After a fantastic start in early November with lots of snow falling deep into the valleys in the north of the Alps and snowfall in the southwest of the Alps right after, our favourite mountain range is dominated by sunshine. A powerful high pressure area named Uwe keeps every significant storm at distance and it will stay like this in most parts of the Alps for the next 7 to 10 days. As a result it is dry and sunny in the Alps, although there was a striking difference between the models this morning and that provides some perspective for the north of Austria. In this forecast:
High pressure area Uwe settled itself above the Alps last week. There are no dynamics or whatsoever in the weather right now. The jet stream is thus forced to choose a route that is far away from the Alps. Such stable high pressure systems can block the weather for days or sometimes even weeks. High pressure areas cause typical inversion weather, which means cold air in the valleys. The cold air can't escape because of the clouds and the sun simply doesn't have the power to break through the clouds. Above the clouds however it's sunny. The air is dry and the views are amazing, but the temperature drops rapidly during the night.
This high pressure area could bring us some serious problems. You don't have to expect new snow and the clear nights will bring surface hoar on north faces and other parts of the mountain that lie in the shadow. It could even result in a complete layer of sugar snow that will be a problem with the next dump.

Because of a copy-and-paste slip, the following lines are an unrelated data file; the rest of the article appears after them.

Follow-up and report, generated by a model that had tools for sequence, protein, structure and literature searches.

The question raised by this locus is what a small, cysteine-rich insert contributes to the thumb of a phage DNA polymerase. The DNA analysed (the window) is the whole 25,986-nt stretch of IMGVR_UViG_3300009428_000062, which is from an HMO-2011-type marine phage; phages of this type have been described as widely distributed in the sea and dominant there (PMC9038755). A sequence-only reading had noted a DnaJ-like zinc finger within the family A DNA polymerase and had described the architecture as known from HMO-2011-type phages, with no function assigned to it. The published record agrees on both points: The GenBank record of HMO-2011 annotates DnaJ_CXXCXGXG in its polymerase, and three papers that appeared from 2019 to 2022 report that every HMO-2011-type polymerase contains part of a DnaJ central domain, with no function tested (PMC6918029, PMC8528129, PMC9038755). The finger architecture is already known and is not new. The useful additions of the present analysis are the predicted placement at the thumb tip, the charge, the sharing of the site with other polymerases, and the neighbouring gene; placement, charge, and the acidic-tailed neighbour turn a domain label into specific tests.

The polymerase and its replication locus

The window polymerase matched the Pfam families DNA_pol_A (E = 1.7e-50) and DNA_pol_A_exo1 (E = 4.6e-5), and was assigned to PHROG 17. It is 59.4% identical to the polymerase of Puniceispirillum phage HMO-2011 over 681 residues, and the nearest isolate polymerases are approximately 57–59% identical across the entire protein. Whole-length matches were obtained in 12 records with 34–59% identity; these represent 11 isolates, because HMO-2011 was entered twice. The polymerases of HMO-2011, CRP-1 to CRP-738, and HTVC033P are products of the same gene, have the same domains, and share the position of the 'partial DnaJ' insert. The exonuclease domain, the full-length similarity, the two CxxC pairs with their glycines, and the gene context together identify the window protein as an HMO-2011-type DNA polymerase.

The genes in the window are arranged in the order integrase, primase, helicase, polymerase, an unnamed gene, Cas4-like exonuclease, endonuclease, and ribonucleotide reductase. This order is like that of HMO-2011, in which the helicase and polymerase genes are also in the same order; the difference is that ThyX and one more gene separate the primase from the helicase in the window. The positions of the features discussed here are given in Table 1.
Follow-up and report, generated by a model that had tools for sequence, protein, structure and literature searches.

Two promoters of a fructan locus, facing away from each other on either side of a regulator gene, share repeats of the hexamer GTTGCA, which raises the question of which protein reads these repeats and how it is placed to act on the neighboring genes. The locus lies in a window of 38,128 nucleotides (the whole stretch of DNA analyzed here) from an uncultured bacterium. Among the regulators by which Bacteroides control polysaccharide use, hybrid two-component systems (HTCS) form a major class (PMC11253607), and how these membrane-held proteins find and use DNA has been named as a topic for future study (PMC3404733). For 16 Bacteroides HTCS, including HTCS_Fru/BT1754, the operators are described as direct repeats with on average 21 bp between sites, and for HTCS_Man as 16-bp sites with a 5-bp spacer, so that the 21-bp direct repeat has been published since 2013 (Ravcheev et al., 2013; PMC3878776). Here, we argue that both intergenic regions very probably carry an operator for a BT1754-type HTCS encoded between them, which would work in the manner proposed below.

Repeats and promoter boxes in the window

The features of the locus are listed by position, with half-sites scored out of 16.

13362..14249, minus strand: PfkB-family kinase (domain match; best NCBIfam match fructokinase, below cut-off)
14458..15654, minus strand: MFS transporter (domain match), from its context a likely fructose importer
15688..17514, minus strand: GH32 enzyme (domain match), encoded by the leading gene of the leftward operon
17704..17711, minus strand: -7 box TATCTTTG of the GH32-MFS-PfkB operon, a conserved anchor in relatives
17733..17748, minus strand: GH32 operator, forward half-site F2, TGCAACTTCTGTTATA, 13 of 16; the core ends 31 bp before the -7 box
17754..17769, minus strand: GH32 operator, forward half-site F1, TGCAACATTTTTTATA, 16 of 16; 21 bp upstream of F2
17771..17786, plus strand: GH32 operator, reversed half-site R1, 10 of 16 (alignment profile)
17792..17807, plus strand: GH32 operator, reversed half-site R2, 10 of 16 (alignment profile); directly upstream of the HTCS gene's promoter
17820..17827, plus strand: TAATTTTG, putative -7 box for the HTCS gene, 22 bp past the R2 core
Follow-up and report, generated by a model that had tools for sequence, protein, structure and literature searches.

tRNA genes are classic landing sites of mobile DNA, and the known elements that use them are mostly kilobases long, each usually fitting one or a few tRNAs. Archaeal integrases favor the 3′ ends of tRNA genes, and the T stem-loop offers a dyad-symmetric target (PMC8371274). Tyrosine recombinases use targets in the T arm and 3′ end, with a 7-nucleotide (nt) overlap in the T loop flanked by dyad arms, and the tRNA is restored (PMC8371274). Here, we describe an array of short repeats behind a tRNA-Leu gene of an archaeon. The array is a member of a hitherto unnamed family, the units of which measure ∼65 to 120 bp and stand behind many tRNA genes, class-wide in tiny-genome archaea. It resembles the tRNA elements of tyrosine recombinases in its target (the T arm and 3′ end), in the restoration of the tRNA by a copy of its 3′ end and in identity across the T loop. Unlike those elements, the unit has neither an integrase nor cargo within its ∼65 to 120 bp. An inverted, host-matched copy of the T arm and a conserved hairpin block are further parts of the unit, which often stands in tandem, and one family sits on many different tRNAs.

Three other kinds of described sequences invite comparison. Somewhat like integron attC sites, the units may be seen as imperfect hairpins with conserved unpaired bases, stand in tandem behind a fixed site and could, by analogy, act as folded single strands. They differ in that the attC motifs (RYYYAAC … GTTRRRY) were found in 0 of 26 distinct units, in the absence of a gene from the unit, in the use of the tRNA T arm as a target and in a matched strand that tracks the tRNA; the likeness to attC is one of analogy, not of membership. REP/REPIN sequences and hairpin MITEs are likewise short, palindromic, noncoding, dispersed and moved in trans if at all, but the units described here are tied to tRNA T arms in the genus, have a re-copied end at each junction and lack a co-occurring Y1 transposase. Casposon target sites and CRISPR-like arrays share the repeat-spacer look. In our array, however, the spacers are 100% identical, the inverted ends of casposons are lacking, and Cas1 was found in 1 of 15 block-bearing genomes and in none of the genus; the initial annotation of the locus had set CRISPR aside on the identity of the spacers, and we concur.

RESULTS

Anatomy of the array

When you look closely at the map above (and can interpret the isobars) you will immediately notice a significant difference. On the left you see the forecast for next Monday according to the American GFS model, on the right you see the forecast of the European model ECMWF for the same day. The map on the right (the European model) is interesting because it shows a temporary current from the north which will bring snow to the north of Austria on Monday. Let's hope this forecast is correct. It is a special variation in the models, and only the first calculation. Tonight we will know more becaue the ECMWF comes up with a new calculation. If that current from the north and is visible again ánd it will also be visible in the American model, than we can get ready for some snowfall. I'll let you know tomorrow. For the rest of the Alps: forget about any form of precipitation for the next 7 to 10 days.
Right now we are dealing with a positive NAO index. Storm depressions are kept at a distance, but from mid-December the weather could change. That's still far away. Keep on dancing and pray for snow!
Stay stoked. Morris